Is Chennai monsoon ready?

How has the city’s stormwater drain project fared? Chennai architects and planners weigh in on other flood mitigation measures

Published: 17th November 2022 06:40 AM  |   Last Updated: 17th November 2022 12:48 PM   |  A+A-

Local residents struggle to cross the flooded Ganeshapuram subway at vyasarapadi during following incessant rains. (Photo | P Jawahar)

Local residents struggle to cross the flooded Ganeshapuram subway at vyasarapadi during following incessant rains. (Photo | P Jawahar)

Express News Service

CHENNAI:  Much was said and written about the Greater Chennai Corporation’s (GCC) stormwater drain (SWD) project, which promised to reduce waterlogging and flooding that has been haunting the city each year. With memories of the 2015 deluge fairly fresh in people’s memory, there was much hope and anticipation that the city would be better prepared for the northeast monsoon, what with the GCC racing against time to finish the project. When the rains finally arrived this month, shattering a thirty-year record, the results of the SWD project, while being mixed, are nevertheless promising.

While core areas areas like T Nagar, Adyar, Mylapore and Nungambakkam were spared the usual flooding and waterlogging, other areas, especially those in North Chennai, have not fared as well. And there have been instances of deaths due to electrocution and a roof that collapsed under the brunt of the recent downpour.

The GCC embarked on building stormwater drains after several successive monsoons exposed the city’s faults in terms of infrastructural preparedness. In any infrastructure project, it is almost a given that the public would have to put up with some inconvenience until works are complete. It’s been very much the same with the SWD project, which began in summer this year and since then has been a source of much consternation among commuters, with traffic diversions, dug-up roads waiting to be re-laid and so on. These inconveniences have often also led to tragic outcomes. 

Planning conundrum
Right from the start, the SWD project was met with equal parts enthusiasm and scepticism. Among the latter is Zoyab Kadi, senior architect and design head at RVS Padmavathi College, who expressed concern about the manner in which works were taken up. “The intention of a stormwater drain is to lead the rainwater towards some waterbody, for which you need slopes and gradients, so whether that is being looked after is of great concern. The lack of either of these is what usually leads to waterlogging and flooding. I’m very sure the designs were made by very competent people; my only concern is how well it is being implemented. So that is something we’ll have to wait and see,” he said.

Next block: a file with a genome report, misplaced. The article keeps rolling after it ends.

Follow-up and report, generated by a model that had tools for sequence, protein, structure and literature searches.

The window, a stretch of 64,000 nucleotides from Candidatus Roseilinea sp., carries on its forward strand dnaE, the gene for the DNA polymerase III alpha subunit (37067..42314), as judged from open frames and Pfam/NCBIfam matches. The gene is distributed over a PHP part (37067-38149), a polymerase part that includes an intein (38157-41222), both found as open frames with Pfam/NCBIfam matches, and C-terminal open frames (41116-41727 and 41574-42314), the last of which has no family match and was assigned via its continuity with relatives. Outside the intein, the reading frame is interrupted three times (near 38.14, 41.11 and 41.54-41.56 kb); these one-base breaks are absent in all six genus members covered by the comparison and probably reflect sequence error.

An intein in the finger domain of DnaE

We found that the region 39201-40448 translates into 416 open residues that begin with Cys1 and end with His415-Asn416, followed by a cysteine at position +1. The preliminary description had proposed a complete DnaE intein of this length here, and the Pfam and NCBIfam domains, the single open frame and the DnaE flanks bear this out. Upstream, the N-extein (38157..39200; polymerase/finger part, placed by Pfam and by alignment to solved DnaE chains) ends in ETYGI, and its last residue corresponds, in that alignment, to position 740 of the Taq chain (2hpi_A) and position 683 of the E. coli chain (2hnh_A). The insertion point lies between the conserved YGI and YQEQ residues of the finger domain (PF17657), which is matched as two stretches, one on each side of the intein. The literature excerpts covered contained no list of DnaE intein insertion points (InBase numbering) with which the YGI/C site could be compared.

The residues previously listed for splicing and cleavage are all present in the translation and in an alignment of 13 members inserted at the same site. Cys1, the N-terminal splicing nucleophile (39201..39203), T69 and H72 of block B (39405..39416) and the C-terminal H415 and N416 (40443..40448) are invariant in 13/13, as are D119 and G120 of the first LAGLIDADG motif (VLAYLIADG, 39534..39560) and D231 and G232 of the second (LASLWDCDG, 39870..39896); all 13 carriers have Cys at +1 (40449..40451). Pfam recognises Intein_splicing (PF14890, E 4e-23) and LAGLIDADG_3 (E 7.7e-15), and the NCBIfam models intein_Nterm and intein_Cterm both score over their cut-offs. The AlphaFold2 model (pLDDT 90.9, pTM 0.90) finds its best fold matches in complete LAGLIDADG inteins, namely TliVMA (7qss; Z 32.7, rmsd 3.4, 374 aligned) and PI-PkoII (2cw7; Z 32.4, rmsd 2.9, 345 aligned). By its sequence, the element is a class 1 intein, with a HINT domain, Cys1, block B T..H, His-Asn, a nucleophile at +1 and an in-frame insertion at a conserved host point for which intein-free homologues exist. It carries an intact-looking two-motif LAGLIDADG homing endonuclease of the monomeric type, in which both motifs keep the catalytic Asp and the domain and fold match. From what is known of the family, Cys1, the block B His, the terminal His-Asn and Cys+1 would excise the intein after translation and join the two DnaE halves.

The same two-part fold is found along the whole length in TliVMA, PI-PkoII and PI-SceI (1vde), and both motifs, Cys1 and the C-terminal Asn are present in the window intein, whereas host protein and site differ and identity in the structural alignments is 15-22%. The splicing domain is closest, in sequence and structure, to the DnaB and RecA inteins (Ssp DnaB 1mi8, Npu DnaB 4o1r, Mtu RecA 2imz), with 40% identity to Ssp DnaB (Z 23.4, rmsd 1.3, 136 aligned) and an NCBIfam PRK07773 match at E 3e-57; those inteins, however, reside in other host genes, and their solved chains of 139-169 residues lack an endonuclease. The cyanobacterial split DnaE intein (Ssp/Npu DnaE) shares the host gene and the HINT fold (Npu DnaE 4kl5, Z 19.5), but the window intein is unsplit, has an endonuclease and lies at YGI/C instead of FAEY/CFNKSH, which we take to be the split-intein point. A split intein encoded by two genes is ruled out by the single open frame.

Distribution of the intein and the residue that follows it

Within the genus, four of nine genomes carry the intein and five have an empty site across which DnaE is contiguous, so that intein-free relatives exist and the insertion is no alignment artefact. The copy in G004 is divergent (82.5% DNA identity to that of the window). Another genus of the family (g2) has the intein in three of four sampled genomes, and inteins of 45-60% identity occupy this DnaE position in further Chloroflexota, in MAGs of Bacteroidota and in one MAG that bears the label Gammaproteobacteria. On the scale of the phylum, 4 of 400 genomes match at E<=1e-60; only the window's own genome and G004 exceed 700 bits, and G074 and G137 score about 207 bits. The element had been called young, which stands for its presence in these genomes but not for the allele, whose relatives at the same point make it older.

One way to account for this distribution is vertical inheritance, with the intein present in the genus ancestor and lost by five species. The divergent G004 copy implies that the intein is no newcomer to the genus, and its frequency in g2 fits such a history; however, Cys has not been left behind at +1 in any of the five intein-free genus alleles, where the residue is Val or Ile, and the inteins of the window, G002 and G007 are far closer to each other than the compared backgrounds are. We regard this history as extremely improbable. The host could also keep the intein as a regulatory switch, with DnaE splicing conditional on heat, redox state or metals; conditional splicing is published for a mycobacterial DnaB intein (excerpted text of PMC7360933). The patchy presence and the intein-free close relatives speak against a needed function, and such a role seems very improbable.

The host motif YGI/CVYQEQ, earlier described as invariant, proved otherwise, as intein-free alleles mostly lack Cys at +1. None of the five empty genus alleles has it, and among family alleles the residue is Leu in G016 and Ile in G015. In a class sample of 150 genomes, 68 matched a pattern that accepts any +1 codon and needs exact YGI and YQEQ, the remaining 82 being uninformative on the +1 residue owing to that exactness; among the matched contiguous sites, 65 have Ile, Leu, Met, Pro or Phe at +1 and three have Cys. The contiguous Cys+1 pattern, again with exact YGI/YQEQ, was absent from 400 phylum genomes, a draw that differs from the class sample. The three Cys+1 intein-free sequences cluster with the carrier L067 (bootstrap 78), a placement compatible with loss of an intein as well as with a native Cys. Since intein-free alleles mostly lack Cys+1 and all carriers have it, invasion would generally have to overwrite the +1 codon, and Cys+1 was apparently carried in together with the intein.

General opinion about the project has been that it could have been started at least three-four months earlier, which would have prevented this last-minute scramble in the midst of the occasional downpour. But there are also questions raised about the prioritising of the project, in the sense that low-lying areas that are more vulnerable to flooding could have been taken up first. The people residing in these areas are often at the frontline when the city floods, Zoyab says, questioning why they weren’t prioritised.

Climate crisis
Chennai has been alternating between cycles of droughts and floods for the past several years. Manushi Jain, director/co-lead of Sponge Collaborative, attributes this to the city’s rampant expansion over the past two decades, taking over farmlands, wetlands, low-lying areas, and forests, which previously served as natural reservoirs during the monsoons and recharged the aquifers during the summers. “Chennai can no longer afford to ignore the region’s remnant and still intact natural systems,” Manushi says, adding, “They are integral to making Chennai more liveable — by maintaining the hydrological cycle, reducing the heat island effect, creating habitats for birds and animals, and offering a number of recreational and cultural benefits.”